Life at Work
Sunday, August 21, 2005
Can an employer tell you whom to pal around with after work? Could you get fired for going to a co-worker's Fourth of July barbecue? You could if you work as a security guard for Guardsmark LLC, the big security company that employs guards just about everywhere (including at The Washington Post).
The National Labor Relations Board on June 7 upheld a Guardsmark rule that stated "While on duty you must NOT . . . fraternize on duty or off duty, date or become overly friendly with the client's employees or with co-employees."
Yikes. So many issues here, so little time.
Guardsmark says it needs this regulation for added security: "A security officer who is overly familiar with a fellow security officer or a client's employee may overlook signals that, if detected, could be instrumental in preventing workplace violence."
But can a company really dictate what we can do outside work? Well, until June 7 rolled around, it probably couldn't. But now, the labor board has set a precedent that could really hurt our workplaces, morale and culture.
Will the ruling have the opposite effect and actually hurt morale and make guards less likely to discuss issues and possibly find new ways to protect the buildings in which they are stationed?
The Gallup Organization has studied workplace friendships and says that those who have friends at work, with whom they socialize both in and out of the office, are more engaged than those who don't. Studies have also shown that having friends at work lowers turnover and increases safety.
When I wrote a column about workplace friendships almost a year ago, Curt Coffman, a global practice leader, told me about a presentation he gave to workers at a manufacturing plant in Texarkana, which is on the Texas-Arkansas border. He told them having a best friend at work cuts down on safety incidents.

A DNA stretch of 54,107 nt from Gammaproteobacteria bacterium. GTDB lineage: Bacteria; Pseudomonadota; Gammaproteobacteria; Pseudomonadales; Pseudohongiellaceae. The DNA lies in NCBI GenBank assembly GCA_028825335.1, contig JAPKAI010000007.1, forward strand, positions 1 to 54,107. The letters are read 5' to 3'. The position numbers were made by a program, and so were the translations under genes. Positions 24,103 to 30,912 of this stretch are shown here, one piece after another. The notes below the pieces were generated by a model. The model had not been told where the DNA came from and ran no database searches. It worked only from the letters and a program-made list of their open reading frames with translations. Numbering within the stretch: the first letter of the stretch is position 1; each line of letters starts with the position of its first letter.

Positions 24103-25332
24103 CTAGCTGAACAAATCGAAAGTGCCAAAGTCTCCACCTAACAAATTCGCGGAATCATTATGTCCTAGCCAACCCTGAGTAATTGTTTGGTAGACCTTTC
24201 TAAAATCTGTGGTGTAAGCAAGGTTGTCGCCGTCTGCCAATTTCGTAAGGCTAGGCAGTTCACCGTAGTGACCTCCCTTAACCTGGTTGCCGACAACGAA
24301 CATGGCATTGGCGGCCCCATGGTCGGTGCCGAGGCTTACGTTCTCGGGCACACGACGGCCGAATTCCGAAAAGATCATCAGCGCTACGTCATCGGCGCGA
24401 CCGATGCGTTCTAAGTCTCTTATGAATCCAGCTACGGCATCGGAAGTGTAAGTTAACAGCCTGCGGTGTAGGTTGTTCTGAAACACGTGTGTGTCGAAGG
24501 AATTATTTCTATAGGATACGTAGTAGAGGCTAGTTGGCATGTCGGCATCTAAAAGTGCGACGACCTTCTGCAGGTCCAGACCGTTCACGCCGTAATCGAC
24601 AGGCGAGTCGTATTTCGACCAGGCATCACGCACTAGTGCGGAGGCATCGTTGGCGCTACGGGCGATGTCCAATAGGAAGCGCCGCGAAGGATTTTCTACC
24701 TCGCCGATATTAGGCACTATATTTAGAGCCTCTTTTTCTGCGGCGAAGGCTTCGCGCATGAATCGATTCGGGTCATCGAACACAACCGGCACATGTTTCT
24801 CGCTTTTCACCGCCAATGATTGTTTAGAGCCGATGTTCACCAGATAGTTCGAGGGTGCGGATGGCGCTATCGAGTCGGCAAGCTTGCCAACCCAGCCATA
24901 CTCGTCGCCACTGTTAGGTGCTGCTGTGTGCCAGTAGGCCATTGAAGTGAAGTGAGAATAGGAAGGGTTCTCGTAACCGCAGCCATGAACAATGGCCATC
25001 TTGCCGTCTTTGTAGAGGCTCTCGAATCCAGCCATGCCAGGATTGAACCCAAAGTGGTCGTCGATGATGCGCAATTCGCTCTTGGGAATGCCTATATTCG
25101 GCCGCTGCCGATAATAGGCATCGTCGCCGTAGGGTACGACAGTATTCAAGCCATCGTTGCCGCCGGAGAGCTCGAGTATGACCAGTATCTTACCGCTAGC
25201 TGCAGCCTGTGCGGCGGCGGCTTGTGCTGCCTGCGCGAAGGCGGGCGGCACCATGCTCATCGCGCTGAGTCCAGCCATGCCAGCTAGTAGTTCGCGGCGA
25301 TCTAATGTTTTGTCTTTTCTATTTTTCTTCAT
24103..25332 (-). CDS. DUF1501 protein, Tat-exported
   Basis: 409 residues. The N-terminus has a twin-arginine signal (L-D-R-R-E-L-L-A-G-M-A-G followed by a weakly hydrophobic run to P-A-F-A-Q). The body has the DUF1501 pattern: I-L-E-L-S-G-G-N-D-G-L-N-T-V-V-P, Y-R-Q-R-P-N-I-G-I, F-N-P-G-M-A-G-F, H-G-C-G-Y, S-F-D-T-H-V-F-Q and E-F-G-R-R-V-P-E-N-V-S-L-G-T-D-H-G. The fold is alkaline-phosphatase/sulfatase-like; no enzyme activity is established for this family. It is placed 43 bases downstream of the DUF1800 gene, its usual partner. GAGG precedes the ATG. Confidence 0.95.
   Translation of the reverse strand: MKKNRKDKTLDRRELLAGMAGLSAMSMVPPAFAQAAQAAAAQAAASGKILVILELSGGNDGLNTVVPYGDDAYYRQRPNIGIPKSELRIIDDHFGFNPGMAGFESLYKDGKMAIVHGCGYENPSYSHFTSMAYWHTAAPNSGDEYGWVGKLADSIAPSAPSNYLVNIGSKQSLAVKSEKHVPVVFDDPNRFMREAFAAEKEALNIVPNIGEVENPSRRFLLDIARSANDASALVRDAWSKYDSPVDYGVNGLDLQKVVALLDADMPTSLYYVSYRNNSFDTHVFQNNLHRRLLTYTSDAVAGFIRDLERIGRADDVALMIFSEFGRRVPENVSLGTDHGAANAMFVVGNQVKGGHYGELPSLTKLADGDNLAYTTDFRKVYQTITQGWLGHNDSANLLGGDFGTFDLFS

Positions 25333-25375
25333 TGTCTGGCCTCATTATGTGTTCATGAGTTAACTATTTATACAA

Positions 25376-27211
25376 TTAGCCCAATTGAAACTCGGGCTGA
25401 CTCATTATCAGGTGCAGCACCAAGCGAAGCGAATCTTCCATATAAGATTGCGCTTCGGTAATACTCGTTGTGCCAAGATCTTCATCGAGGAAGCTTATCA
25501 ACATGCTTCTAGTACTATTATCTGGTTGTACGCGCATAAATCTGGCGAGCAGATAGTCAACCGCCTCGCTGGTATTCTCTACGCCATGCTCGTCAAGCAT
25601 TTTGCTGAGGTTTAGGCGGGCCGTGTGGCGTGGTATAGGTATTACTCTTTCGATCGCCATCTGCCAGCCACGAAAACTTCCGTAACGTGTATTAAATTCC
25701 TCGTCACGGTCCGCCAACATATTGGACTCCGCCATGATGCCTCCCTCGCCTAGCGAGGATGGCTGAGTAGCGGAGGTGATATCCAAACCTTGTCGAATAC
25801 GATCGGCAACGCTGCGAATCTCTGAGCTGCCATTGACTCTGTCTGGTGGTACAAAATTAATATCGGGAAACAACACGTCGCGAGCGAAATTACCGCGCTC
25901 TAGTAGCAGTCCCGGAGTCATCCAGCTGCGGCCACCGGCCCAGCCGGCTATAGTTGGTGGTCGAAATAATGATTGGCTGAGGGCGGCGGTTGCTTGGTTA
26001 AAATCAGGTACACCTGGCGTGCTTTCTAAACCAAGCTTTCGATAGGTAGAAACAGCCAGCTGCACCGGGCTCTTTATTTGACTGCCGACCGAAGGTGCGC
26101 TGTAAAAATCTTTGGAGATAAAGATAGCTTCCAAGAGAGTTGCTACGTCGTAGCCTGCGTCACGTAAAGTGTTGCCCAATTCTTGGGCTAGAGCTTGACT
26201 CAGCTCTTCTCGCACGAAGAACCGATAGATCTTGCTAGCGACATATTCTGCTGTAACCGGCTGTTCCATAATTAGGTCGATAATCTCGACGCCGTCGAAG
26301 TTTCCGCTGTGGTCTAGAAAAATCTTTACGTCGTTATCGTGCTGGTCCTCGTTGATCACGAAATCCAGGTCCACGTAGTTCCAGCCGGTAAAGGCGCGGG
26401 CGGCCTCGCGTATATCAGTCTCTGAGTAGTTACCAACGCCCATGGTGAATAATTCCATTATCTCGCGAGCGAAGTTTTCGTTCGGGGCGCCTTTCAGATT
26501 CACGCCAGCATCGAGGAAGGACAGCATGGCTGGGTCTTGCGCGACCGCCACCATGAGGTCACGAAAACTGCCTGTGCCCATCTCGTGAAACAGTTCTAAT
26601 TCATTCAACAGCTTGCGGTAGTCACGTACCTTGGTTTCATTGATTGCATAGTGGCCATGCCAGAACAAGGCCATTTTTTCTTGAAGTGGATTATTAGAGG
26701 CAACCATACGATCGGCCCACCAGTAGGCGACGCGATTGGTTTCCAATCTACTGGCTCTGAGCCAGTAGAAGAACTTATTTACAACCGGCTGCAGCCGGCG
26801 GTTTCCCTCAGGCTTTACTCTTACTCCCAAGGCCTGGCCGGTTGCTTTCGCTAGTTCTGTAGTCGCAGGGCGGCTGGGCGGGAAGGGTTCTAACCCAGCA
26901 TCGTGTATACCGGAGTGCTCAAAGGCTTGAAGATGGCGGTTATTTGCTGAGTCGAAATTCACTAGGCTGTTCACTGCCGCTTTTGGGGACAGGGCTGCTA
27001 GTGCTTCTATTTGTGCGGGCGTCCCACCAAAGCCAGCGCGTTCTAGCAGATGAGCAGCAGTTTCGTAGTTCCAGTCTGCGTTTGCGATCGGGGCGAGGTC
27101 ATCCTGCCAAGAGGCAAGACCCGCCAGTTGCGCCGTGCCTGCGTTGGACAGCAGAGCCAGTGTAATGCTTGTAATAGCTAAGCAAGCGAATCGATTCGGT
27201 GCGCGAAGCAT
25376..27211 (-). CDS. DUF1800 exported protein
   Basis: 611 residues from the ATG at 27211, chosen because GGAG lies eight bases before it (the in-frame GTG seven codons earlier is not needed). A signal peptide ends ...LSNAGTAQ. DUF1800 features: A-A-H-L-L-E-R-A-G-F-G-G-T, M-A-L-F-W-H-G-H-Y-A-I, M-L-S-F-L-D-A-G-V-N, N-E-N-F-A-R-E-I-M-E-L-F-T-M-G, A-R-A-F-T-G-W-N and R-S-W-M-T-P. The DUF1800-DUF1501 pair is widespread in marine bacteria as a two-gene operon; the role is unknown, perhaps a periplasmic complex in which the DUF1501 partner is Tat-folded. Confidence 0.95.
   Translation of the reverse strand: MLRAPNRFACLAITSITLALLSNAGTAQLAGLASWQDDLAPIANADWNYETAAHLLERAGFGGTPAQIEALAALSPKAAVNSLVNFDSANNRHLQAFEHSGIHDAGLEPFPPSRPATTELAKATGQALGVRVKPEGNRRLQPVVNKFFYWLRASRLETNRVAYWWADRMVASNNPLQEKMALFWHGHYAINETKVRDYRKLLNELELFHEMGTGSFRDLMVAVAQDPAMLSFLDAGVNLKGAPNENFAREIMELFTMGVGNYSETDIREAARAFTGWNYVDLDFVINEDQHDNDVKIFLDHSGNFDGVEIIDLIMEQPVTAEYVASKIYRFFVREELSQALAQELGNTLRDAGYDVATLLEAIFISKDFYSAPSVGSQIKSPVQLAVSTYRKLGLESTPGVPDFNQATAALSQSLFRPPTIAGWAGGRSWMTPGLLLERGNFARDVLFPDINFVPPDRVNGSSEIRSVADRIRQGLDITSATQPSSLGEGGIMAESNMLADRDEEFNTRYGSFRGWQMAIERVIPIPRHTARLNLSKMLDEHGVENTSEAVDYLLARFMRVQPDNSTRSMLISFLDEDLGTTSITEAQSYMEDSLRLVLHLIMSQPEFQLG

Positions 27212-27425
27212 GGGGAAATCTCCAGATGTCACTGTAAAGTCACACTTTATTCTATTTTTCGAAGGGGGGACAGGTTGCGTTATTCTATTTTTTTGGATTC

It was not news to the group of workers on the shop floor. One said to him: "Son, if the guy that goes walking across the floor not wearing safety goggles is a best buddy of mine, I say, 'Get your damn goggles on.' If I don't know him, I won't say it."
Danielle Marie Gibbs, who works for Sprint Nextel Corp. in Reston, said friendships are important to her well-being at work. She calls one of her co-workers her "office dad." Although he has several children of his own, he offers Gibbs advice and even helps her with car problems. He is just one of several people she considers friends or with whom she socializes outside of work. "I have worked with people before who want nothing to do with you at work, let alone outside of work, but I believe that Nextel is truly an environment where they foster teamwork. And how can that team atmosphere not lead to outside friendships?" she wrote.
Perhaps this was best evidenced by her co-workers' reactions after she was in a car accident in June. Knowing she has no family in the area, her co-workers brought her food and rescued her belongings from her damaged car before it was towed away. Without them, she said, she doesn't know what she would have done. And she likes to point out that she has been there for only a year.
Sure, having friends at work can also trip up employees. How many times have you been ignored by a cashier because he was busy flirting with a saleswoman? And sometimes those office friendships can be trouble in other ways. Just like friendships formed in other parts of life, some work out and some don't. But at work, it is important, many have discovered, to be careful about those with whom they socialize.